In 1921, two ferries and an ice bridge (in addition to the Victoria Bridge) let people go back and forth between Montreal and the South Shore year-round. When these methods could no longer meet demand, the Montreal Chamber of Commerce and other non-governmental organizations joined forces to lobby for another bridge. With his partners Philip Louis Pratley and Charles Monsarrat, Strauss worked on the plans for the Jacques Cartier Bridge from 1925 to 1930.
Have you ever noticed the Jacques Cartier Bridge’s particular shape?
Interestingly, the new bridge ended up having three curves, one of which was not included in the engineers’ original designs.
The first curve over Île Sainte-Hélène was designed to protect the piers from the St. Lawrence River’s turbulent currents. The second curve, which is to the west of the cantilever span, aligns the bridge with Montreal’s north-south avenues. The third and last curve was not part of the original plans and was added near the western abutment because the owner of a soap factory refused to sell his property to the bridge’s management corporation.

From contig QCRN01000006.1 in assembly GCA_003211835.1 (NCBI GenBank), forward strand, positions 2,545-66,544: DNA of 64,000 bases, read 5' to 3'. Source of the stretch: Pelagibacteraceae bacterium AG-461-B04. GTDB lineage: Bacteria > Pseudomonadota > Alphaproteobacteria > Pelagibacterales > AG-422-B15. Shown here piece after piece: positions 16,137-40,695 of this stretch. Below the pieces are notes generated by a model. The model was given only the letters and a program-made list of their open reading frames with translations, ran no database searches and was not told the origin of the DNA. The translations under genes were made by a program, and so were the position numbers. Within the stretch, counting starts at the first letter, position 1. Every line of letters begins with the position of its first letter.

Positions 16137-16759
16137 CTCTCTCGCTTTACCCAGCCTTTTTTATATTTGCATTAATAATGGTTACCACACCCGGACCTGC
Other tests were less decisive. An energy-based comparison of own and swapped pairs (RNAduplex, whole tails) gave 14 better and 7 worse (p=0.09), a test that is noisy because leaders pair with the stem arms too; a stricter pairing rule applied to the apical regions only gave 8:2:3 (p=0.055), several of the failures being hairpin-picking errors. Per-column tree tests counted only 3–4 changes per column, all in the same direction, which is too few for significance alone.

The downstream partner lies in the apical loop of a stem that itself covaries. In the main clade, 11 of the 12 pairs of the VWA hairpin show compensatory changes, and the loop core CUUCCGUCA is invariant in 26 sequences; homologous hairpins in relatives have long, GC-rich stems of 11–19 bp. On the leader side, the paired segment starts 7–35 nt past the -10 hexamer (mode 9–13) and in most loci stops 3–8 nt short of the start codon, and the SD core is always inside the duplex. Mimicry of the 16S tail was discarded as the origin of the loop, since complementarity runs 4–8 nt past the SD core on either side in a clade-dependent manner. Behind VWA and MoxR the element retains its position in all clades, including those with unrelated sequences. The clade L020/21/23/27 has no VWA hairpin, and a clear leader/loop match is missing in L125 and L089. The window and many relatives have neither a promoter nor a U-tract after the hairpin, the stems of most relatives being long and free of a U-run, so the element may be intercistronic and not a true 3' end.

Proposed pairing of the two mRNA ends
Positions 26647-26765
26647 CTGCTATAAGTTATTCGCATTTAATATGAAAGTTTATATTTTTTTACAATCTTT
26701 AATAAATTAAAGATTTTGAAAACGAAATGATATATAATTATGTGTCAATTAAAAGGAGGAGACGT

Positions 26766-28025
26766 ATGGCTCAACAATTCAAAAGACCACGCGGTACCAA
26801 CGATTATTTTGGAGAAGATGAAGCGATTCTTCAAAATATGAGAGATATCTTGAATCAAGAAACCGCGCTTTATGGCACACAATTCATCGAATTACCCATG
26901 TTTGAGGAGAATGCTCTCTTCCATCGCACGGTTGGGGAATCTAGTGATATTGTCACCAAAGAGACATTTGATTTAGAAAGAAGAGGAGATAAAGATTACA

Engineer, surveyor and architect Marius Dufresne did his graduate studies at the École Polytechnique de Montréal before starting his career at the Longue-Pointe railway workshop. An expert in the construction of tunnels, bridges, dams and power stations in Quebec, he also helped build the Jacques Cartier Bridge substructure.
Did you know that Marius Dufresne designed the plans for his own château-style mansion?
From 1908 to 1918, Marius Dufresne worked as a civil engineer for the Cité de Maisonneuve. During this time, he actively participated in many of the city’s urban design and beautification projects that now form part of the architectural heritage of the Mercier-Hochelaga-Maisonneuve borough in Montreal. These landmarks include the Maisonneuve Market, the firehall, Maisonneuve City Hall as well as the Morgan public bath. A few years later in 1926, Marius Dufresne was involved in the construction of the Jacques Cartier Bridge, as he helped build the north piers and the structure’s deck. When the work began, the workers had to dig down to the bedrock at the gigantic work site to stabilize the piers. At the north and south approaches, the piers were built with steel and concrete, and their construction would require the use of 4,000,000 rivets, 475,000 bags of cement, and 33,000 tonnes of metal.